"Luck is what happens when preparation meets opportunity." - Seneca
Where are you hoping to get lucky in your sport or your work? Maybe you’re eyeing a college athletic scholarship or that fancy promotion that’s on the table. Most of us have a fundamental belief about luck: either we’re pretty lucky on average, or we’re that person that will never, ever find a four-leaf clover.
Either way, you can choose to rely on superstitions or you can take action. If you’re up for the latter, here are a few ways to create your own luck:
Decide to work hard - and do it. Define what "working hard" looks like for you. To get your ideas flowing, we’re talking about putting in maximum effort, managing your time and energy, and stepping up to the plate when confronted with a challenge, among other things. Decide that you are willing to do what it takes to reach your goal. For example, something that sets Will Smith apart in terms of work ethic is that he's not afraid to die on a treadmill.
Reflect on your experiences. Much of confidence is built by gaining experience and reflecting on your success and failure. Instead of letting those moments flash by, hit pause and really think about what you did that contributed to your success. How can you repeat those actions in the future? Also jot down a few notes about what led to you making a mistake or enduring a total failure. What would you like to do differently next time?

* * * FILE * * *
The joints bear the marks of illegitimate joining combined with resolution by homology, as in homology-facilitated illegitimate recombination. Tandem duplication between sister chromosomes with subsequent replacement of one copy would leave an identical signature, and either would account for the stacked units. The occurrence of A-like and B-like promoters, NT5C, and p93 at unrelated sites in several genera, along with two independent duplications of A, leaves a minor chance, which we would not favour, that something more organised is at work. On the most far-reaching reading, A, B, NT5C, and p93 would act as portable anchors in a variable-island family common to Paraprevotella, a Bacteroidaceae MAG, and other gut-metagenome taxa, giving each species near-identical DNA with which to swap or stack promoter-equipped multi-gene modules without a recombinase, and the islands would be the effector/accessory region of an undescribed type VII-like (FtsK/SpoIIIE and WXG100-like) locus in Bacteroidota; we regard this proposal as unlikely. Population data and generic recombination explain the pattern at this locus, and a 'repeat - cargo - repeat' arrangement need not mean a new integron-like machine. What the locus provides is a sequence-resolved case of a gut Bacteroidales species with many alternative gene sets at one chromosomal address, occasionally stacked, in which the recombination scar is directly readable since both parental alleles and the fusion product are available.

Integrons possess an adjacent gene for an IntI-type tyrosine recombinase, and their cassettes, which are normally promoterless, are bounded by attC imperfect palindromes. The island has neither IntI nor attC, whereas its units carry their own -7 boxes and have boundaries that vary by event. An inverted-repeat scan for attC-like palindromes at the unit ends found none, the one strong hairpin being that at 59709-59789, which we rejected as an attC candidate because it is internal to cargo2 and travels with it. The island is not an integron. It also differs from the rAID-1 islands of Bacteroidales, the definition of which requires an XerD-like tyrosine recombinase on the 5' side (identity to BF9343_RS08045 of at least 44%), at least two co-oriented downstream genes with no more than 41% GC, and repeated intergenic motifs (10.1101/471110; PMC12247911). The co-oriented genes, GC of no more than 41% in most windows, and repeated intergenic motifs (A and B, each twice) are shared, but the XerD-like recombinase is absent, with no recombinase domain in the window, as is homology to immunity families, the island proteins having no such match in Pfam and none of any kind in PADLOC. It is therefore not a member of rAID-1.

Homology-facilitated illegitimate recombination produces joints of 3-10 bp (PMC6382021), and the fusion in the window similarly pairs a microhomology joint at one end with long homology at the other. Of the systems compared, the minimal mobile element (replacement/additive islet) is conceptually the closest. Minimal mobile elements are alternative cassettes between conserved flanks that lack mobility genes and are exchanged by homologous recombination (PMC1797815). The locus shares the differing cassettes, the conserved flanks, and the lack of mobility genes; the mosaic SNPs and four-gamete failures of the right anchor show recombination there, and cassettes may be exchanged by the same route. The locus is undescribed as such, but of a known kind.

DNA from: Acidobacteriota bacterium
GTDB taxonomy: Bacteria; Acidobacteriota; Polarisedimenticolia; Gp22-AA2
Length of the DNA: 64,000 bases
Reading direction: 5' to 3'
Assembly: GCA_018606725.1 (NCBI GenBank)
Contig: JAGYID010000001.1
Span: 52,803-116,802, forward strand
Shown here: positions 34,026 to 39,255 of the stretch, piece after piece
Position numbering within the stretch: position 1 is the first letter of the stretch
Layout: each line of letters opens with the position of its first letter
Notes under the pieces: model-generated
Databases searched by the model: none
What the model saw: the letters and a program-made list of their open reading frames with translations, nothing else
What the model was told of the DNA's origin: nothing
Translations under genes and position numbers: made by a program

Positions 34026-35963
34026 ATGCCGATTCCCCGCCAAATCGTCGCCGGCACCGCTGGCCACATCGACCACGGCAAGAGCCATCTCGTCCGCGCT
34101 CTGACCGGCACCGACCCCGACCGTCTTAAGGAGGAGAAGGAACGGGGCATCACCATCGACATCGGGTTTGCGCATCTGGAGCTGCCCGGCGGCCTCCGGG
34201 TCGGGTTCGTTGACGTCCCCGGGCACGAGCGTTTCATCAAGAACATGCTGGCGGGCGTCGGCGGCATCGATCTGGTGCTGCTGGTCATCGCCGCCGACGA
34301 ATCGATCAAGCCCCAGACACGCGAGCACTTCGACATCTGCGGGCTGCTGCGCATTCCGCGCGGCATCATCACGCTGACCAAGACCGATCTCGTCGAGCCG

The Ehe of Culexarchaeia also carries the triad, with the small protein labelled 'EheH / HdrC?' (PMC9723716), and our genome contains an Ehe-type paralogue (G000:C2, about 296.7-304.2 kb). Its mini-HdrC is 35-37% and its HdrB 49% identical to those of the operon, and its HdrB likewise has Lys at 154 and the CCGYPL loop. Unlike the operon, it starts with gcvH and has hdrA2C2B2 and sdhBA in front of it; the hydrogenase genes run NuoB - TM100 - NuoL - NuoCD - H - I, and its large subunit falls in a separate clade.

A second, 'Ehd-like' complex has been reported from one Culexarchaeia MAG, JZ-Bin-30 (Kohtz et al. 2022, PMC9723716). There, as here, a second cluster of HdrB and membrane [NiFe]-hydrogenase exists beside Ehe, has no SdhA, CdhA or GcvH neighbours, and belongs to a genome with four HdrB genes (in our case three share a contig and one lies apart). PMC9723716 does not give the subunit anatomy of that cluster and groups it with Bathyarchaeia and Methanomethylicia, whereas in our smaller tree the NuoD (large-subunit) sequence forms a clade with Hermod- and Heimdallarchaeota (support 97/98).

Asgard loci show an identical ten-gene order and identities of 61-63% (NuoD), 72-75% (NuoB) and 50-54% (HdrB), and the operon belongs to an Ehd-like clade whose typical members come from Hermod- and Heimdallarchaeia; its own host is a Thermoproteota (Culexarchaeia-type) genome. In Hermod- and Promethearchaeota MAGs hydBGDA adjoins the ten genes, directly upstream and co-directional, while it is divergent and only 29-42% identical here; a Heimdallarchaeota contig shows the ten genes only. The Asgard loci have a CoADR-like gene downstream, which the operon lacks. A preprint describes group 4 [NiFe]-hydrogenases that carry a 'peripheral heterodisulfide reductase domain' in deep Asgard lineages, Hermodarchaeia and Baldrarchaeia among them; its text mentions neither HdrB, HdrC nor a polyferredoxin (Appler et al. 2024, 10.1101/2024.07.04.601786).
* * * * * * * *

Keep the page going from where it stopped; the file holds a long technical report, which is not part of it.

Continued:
Visualize your success. In preparation for a big competition or an important project deadline at work, integrate imagery practice into your day. Create an experience in your mind where you are succeeding and everything goes right. Incorporate all of your senses and make this as real as possible. But remember, "you can't just visualize and then go eat a sandwich."
Build a performance routine. We’re not encouraging superstitions or rituals, but rather that you have a systematic routine - an established procedure that guides your mental and physical preparation. This is something for you to use leading up to every competition or work-related performance. Routines help create confidence and control, especially when there’s a lot of uncertainty, ultimately leading to improved performance.
Be open to opportunities. Opportunities are everywhere, so keep your eyes peeled. But no really - how good are your observation skills? When you have a clear, well-defined goal and your preparation to reach that goal is on point, opportunities have a way of presenting themselves - if you’re paying attention. Be in the moment by "taking out the trash" when you’re with other people, working on your craft, and striving for greatness.
Anyone can prepare for luck by having a goal, working hard, understanding their experiences, visualizing successful outcomes, building and utilizing a performance routine, and finding opportunities. Here’s to your luck!
Abby Keenan is a mental performance coach located in Atlanta, GA. She mentally prepares athletes to perform at their best when it matters most. To work with Abby on your preparation for luck, setting goals, developing imagery skills, or building a performance routine, contact us to schedule a free consultation.